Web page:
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K-12 Cybersecurity Act of 2021 Launches Initiative to Combat Increasing Cyberattacks on Schools

October 19, 2021

On October 8, 2021, President Biden signed the K-12 Cybersecurity Act of 2021 (the “Act”) that establishes an education cybersecurity initiative to equip elementary and secondary schools with strategies to combat cyberattacks. The Act directs the Cybersecurity and Infrastructure Security Agency (“CISA”) to collaborate with educational leaders and experts to produce a study of the cybersecurity risks facing K-12 schools and develop recommendations for educational institutions to address those risks.

The regimented approach outlined in the Act’s K-12 Education Cybersecurity Initiative to evaluate the systemic flaws that expose schools to an increased risk of ransomware and cyberattacks will take CISA nearly a year to complete, but could potentially result in a more robust, standardized strategy for educational institutions to address the issue.  The approach includes:

  • Cybersecurity Study. CISA has until February 5, 2022 (120 days from the law’s enactment) to complete a study evaluating the cybersecurity risks plaguing K-12 schools and assessing the obstacles schools face in securing and implementing cybersecurity protocols. The Act requires CISA to provide a Congressional briefing at the conclusion of the study.
  • Cybersecurity Recommendations. By April 6, 2022 (60 days after completing the risk study), CISA must provide security recommendations, including cybersecurity guidelines for K-12 schools. Notably, these guidelines will be voluntary for K-12 schools to adopt.
  • Online Training Toolkit. By August 4, 2022 (120 days after generating cybersecurity recommendations), CISA is required to develop an online training toolkit designed to educate school officials on CISA’s cybersecurity recommendations and provide strategies for its implementation.
  • The completed study, recommendations, and online toolkit will be accessible to the public on the Department of Homeland Security’s website.

Some may question how the Act will be a value-add to the cybersecurity information currently available, particularly when the implementation of the final CISA work product – the cybersecurity recommendations – is voluntary. CISA already provides K-12 resources on its Stop Ransomware website; however, much of its content is reference materials and tip sheets for students, teachers, parents, and school district staff that serve as cybersecurity best practices without a more thorough analysis into the vulnerabilities in school districts’ information ecosystems across the country.

In a statement about the Act, U.S. Senator Jacky Rosen who co-sponsored the bill, recognized that “[c]ybersecurity can be expensive and debilitating, especially for small organizations or public entities.” The Act comes as a response to what is identified as a need for “an immediate federal response to improve cybersecurity” for school districts across the nation. The CISA recommendations could serve as more concrete guidance that schools may implement as a standard across their information security protocols, rather than on a user-by-user basis.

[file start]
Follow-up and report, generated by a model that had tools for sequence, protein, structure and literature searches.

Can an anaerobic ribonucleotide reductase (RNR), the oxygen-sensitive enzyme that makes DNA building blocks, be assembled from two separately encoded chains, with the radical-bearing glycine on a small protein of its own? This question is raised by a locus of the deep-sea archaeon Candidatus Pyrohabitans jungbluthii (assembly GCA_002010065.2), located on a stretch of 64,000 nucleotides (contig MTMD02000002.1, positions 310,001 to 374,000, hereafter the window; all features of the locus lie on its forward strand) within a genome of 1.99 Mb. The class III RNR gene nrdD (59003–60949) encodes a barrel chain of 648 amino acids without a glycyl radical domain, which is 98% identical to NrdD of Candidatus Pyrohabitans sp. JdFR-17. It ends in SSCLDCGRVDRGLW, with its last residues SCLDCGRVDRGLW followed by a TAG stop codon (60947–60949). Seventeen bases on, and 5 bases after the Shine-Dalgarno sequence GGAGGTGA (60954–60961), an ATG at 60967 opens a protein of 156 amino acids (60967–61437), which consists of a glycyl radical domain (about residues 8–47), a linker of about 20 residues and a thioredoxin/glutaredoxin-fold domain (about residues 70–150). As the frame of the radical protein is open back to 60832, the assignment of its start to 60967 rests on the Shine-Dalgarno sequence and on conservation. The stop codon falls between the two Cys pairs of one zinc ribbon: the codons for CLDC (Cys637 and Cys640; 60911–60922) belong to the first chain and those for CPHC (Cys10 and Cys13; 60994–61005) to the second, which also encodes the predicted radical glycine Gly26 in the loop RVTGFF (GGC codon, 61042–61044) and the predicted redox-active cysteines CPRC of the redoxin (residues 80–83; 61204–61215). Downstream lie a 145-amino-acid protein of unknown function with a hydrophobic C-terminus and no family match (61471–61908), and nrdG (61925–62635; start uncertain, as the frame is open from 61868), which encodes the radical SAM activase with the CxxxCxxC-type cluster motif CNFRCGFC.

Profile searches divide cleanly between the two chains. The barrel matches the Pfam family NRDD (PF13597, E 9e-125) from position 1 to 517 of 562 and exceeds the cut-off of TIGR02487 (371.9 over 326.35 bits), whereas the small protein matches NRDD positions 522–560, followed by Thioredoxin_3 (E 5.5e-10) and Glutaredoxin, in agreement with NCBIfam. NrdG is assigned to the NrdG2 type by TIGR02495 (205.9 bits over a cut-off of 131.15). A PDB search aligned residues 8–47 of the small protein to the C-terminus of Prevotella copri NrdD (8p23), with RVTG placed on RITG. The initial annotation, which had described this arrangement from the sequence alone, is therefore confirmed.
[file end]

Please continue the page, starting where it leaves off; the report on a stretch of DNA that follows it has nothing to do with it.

The result of CISA’s study could have far reaching implications at a time when cyberattacks on schools are on the rise. CISA’s study could identity the key systemic issues affecting school districts across the country, as well as shed light on the immeasurably inadequate resources certain districts may have to fight ransomware and other cyber threats. This would allow for better clarity on how school districts could fundamentally shore up their cybersecurity infrastructure to better protect student and employee information and keep up with the pace of evolving information security developments. Moreover, the results of the study could represent the first steps in the federal government being able to help avert and mitigate cyber incidents in K-12 educational institutions.

While educational institutions are given the option under the Act whether to implement CISA’s cybersecurity recommendations, cyber incidents are on the rise and many schools – both K-12 and higher education – will want to at least consider federally recommended guidelines. A 2021 report by the K-12 Cybersecurity Resource Center and the K12 Security Information Exchange identified 408 publicly-disclosed school cyber incidents in 2020. In the same year, there were 145 data breach incidents involving public schools, and most incidents involved both student and staff data. A State of Ransomware report outlined that, in 2020, 1681 schools, colleges, and universities were subject to ransomware attacks.

Educational institutions should consider how to best implement a strong privacy and cybersecurity culture across its staff and students, have strong incident response plans, and remain vigilant in pursuing resources to further their cyber priorities. All educational institutions, including independent schools, may want to consider leveraging the CISA recommendations since cyberattacks rarely discriminate between institution types. Exercising good cybersecurity hygiene can only further benefit schools in the long term.

Crowell & Moring is adept at navigating privacy & cybersecurity issues and has a robust education practice that includes counseling and training institutions on how to strengthen their security, develop and implement privacy and data protection programs, and comply with applicable laws. We have extensive experience managing the crises that can arise in the event of a breach, including those involving personal information, and other sensitive or proprietary information. 

For more information, please contact the professional(s) listed below, or your regular Crowell & Moring contact.

Laurel Pyke Malson
Partner – Washington, D.C.
Phone: +1.202.624.2576
Garylene (Gage) Javier, CIPP/US
Associate – Washington, D.C.
Phone: +1.202.654.6743